Data corruption caused by noise is a common problem when transferring files from one computer to another over telephone lines. A major source of noise for data transmission is impulse noise. These pulses or spikes on the line typically have a duration of 10 msec. To the human ear, such pulses sound like little clicks. To a 1200 baud modem, they are the death knell for 12 bits of information.
To combat the problem of data corruption during file transmission, file transfer programs which use error checking protocols have been devised. Typically, a program on the sending end examines a block of data being sent and adds various error checking characters to the data according to the error checking protocol. A similar program on the receiving end examines the received data, determines what the error checking characters should be, and compares the expected values with the received values. If the two agree, the block of data is accepted as valid. If the two don't agree, the block of data is deemed corrupted and retransmission of the data is requested.
The XMODEM file transfer program currently available on the GRC-VAX cluster supports two types of standard XMODEM error checking protocols. These are checksum (also known as longitudinal parity), and cyclic redundancy code (also known as polynomial code). The type of error checking used is determined by the receiving program when it first tells the sending program that it is ready to receive a file. If the receiving program transmits a NAK character (ASCII 21), it is requesting checksum error checking. If the receiving program transmits a "C" (ASCII 67), it is requesting cyclic redundancy code error checking.
In order to understand the two different error checking protocols, it is first necessary to understand how XMODEM transfers files. XMODEM transfers files in blocks consisting of 128 data characters each. Added to each block are block identification characters and error checking characters. The total number of characters in a block total 132 if checksum error checking is used, and 133 if CRC error checking is used.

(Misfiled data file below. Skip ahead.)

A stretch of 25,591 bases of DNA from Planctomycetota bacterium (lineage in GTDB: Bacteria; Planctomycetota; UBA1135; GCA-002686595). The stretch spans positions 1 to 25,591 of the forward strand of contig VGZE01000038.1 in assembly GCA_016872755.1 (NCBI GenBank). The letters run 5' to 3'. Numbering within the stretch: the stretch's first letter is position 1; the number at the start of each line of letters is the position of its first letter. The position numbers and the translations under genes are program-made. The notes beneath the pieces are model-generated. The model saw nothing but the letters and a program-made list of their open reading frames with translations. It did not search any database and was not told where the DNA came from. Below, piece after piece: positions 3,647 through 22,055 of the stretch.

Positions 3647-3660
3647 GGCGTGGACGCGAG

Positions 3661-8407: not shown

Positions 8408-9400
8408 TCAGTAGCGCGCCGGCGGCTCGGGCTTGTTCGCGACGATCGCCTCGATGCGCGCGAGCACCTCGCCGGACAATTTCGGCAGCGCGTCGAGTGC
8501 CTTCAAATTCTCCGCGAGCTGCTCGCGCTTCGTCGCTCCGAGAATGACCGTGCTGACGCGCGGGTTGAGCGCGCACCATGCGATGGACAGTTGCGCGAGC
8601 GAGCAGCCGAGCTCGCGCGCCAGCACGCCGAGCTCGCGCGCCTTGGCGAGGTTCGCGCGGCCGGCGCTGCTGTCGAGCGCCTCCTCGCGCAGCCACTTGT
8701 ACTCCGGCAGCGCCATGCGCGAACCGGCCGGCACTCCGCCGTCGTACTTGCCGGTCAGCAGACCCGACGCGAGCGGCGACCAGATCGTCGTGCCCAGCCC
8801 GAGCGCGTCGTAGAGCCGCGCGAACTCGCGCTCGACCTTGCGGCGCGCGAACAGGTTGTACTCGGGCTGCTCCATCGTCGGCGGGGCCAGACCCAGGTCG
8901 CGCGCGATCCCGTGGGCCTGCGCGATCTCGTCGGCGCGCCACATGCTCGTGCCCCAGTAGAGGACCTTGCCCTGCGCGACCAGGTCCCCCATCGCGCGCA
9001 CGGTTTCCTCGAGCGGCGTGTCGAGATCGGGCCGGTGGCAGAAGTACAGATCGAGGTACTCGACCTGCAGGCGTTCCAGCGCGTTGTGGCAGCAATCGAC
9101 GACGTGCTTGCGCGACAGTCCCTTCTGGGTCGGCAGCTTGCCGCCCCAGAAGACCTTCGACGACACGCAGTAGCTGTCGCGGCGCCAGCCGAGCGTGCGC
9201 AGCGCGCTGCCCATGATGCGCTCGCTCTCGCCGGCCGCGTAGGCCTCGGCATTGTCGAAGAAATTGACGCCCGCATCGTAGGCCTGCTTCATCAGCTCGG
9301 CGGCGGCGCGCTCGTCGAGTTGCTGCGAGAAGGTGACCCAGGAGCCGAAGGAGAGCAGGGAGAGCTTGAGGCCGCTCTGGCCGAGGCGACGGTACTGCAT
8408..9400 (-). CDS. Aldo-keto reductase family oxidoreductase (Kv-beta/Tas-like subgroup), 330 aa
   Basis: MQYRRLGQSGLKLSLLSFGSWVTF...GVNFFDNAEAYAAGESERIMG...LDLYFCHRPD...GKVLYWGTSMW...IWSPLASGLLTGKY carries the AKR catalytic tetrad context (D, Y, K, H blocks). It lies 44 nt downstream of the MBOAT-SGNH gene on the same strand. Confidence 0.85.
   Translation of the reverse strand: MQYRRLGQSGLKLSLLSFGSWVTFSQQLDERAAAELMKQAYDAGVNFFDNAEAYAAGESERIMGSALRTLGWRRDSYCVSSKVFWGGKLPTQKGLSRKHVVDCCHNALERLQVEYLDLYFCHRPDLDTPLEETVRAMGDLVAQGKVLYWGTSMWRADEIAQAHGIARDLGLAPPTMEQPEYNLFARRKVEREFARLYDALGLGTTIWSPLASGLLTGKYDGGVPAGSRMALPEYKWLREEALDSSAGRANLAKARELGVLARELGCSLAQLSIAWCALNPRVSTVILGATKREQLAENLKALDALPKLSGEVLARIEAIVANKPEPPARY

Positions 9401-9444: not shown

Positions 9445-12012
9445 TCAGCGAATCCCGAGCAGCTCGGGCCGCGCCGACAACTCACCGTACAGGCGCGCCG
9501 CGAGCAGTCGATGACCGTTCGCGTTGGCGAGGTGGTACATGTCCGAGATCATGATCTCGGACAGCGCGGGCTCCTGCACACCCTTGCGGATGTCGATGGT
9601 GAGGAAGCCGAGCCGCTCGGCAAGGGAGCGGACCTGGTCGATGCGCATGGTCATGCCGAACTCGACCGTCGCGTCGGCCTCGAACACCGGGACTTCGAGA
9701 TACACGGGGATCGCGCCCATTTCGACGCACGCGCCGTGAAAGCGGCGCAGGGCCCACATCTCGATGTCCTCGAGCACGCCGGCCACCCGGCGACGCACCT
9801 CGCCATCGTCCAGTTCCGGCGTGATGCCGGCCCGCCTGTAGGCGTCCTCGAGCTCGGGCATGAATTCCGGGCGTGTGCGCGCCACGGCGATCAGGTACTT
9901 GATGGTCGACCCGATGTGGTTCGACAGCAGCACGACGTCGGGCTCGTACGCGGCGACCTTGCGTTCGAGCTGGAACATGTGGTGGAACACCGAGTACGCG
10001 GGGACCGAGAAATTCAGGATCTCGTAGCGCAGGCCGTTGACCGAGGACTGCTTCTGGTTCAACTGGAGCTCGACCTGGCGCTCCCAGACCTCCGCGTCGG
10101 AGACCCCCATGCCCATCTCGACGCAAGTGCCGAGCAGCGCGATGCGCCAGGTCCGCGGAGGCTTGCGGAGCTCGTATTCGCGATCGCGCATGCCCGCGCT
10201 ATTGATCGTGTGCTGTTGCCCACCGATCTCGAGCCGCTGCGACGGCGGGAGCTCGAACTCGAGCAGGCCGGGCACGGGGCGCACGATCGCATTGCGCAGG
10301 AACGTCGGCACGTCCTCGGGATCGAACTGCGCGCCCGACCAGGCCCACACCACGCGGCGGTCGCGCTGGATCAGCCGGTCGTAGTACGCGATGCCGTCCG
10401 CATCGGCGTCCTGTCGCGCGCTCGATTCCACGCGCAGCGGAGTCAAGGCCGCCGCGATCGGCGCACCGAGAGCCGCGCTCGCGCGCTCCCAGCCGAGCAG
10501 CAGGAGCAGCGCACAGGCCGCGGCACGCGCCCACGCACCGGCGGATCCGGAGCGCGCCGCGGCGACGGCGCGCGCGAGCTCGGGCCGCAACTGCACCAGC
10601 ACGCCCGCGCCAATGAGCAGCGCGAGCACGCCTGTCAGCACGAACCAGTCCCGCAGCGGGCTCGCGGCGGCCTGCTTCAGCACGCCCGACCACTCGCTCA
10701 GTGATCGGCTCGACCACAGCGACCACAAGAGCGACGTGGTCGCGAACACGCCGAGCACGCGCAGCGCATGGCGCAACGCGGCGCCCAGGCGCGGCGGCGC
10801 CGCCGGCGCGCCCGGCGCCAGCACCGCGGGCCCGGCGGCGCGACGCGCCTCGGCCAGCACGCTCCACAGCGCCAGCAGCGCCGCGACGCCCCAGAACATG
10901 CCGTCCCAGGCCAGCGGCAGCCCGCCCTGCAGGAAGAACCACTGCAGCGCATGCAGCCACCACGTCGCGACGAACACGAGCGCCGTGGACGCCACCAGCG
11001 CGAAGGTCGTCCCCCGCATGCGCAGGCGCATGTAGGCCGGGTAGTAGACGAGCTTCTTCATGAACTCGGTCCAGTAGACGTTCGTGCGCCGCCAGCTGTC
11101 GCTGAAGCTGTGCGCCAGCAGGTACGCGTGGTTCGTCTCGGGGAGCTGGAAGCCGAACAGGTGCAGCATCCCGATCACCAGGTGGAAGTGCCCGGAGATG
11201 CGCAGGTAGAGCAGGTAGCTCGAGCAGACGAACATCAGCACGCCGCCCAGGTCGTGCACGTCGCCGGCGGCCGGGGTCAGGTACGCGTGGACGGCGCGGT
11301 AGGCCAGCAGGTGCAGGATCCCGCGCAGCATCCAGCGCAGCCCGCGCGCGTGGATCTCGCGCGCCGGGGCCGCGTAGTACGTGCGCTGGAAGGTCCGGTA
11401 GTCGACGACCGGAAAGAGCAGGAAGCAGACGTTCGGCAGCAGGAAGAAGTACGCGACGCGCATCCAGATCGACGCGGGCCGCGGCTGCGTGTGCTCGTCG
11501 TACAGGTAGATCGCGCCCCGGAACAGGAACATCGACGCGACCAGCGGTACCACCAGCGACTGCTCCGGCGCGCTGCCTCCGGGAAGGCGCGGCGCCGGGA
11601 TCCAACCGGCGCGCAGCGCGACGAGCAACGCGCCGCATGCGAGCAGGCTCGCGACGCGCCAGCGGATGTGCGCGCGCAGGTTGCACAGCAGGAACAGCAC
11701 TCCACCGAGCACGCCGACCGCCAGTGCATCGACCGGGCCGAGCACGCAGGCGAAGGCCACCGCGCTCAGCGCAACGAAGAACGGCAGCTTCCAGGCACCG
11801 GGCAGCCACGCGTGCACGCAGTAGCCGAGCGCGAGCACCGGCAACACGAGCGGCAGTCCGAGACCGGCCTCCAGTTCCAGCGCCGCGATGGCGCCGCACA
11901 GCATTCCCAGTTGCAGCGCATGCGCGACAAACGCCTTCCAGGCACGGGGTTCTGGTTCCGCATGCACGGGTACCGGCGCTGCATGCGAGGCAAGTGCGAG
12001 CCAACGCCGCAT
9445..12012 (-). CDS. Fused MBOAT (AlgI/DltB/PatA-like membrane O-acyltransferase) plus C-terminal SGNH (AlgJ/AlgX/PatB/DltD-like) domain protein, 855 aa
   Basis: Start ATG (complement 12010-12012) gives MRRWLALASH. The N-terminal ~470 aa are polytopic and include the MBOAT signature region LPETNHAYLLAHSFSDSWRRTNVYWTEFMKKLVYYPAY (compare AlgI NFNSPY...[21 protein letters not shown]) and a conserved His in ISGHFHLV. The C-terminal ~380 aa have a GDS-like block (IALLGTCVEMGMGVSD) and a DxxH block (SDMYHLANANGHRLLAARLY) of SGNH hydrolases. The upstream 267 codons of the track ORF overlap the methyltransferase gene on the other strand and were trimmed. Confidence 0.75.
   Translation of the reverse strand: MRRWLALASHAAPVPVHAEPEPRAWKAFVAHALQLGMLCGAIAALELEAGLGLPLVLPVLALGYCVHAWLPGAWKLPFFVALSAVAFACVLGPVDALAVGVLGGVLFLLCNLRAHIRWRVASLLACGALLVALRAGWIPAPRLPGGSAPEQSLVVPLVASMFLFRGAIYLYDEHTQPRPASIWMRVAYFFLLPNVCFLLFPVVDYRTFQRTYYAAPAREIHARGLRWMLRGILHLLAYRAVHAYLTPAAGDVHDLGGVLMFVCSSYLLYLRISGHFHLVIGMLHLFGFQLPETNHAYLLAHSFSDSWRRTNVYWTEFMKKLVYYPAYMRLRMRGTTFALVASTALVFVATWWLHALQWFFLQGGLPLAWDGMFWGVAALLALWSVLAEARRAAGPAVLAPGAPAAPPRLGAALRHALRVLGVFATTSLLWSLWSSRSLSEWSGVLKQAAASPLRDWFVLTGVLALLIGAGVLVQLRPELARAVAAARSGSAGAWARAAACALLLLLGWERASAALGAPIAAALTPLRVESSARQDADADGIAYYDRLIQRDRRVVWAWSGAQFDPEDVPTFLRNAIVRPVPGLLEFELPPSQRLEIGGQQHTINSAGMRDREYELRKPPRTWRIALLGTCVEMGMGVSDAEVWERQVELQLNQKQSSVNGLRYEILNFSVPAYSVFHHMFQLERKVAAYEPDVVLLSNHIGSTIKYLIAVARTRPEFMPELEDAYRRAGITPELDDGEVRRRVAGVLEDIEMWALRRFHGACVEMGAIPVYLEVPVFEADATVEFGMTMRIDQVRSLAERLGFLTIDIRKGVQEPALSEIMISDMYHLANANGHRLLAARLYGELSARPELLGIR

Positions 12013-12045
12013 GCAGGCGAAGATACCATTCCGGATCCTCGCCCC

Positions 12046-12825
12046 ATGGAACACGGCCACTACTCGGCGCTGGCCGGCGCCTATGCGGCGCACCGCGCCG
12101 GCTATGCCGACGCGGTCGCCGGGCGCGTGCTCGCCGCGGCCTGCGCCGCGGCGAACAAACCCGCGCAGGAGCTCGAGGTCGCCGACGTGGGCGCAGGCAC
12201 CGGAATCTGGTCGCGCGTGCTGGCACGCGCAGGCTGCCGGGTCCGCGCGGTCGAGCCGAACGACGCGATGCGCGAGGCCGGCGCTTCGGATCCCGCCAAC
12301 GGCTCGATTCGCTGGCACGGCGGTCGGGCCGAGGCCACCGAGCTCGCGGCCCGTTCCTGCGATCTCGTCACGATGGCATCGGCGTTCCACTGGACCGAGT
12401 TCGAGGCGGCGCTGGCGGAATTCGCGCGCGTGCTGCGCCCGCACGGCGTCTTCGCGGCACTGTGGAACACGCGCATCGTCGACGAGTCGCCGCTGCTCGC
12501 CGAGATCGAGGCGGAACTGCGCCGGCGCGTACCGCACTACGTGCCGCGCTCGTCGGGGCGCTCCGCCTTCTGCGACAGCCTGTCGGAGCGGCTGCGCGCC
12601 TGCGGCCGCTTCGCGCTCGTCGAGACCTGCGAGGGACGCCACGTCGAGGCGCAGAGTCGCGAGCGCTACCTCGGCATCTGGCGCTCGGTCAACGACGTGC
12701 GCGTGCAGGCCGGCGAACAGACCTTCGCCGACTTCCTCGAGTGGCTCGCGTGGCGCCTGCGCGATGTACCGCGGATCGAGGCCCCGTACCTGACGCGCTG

The actual placement of characters within a block is as follows:
1 SOH (start of header, ASCII 1) 2 block number 3 complement of block number 4 DATA (1st character) . . . . . . 131 DATA (128th character) 132 error checking byte (Checksum and CRC mode) 133 error checking byte (CRC mode only)
The determination of the error checking bytes depends upon which error checking protocol is being used. In checksum mode, the ascii values of each of the 128 data characters are added up and the low byte of the resulting sum is used as the error checking character. This method will detect most errors, but it is possible that two or more of the data characters may be corrupted in such a way that their checksum remains the same. For example, the characters "BB" will add up to the same value if they are inadvertently changed to "AC". Because of this, a more sophisticated method of error checking is usually preferred.
In CRC mode, the 128 data characters are treated as a continuous stream of 1028 bits. Two error checking bytes (16 more bits) are appended to the end of this stream, and the resulting set of 1040 bits is thought of as one very large binary number. The last 16 error checking bits are chosen in such a way that the resulting binary number will be evenly divisible by a previously agreed upon binary constant (sometimes called a generating polynomial). If any one of the 1040 bits of information become corrupted during transmission, the large binary number they represent will no longer be evenly divisible by the previously agreed upon binary constant.
By carefully choosing the binary constant, it is possible to drastically minimize the number of errors which go undetected. XMODEM uses a binary constant value of 10001000000100001 (equivalent to a generating polynomial of X^16 + X^12 + X^5 + 1), which is a standard value recommended for use by CCITT (Comite Consultatif Internationale de Telegraphique et Telephonique). By using this value it is possible to detect all single and double bit errors, all errors involving an odd number of bits, all burst errors of length 16 or less, 99.997% of 17-bit error bursts, and 99.998% of 18-bit and longer bursts.
The mathematical theories of polynomial arithmetic lie behind the overwhelming success of this type of error checking. Although the calculation required to compute the last 16 error checking bits may seem complicated, it turns out that there is a simple method using shift registers which makes the method easily applicable and highly attractive for computer use.
-David Deley (1984)
Belonis, J.James II. XMODEM version 5.53 (FORTRAN source code) DECUS tape VAX-96, June 1984.
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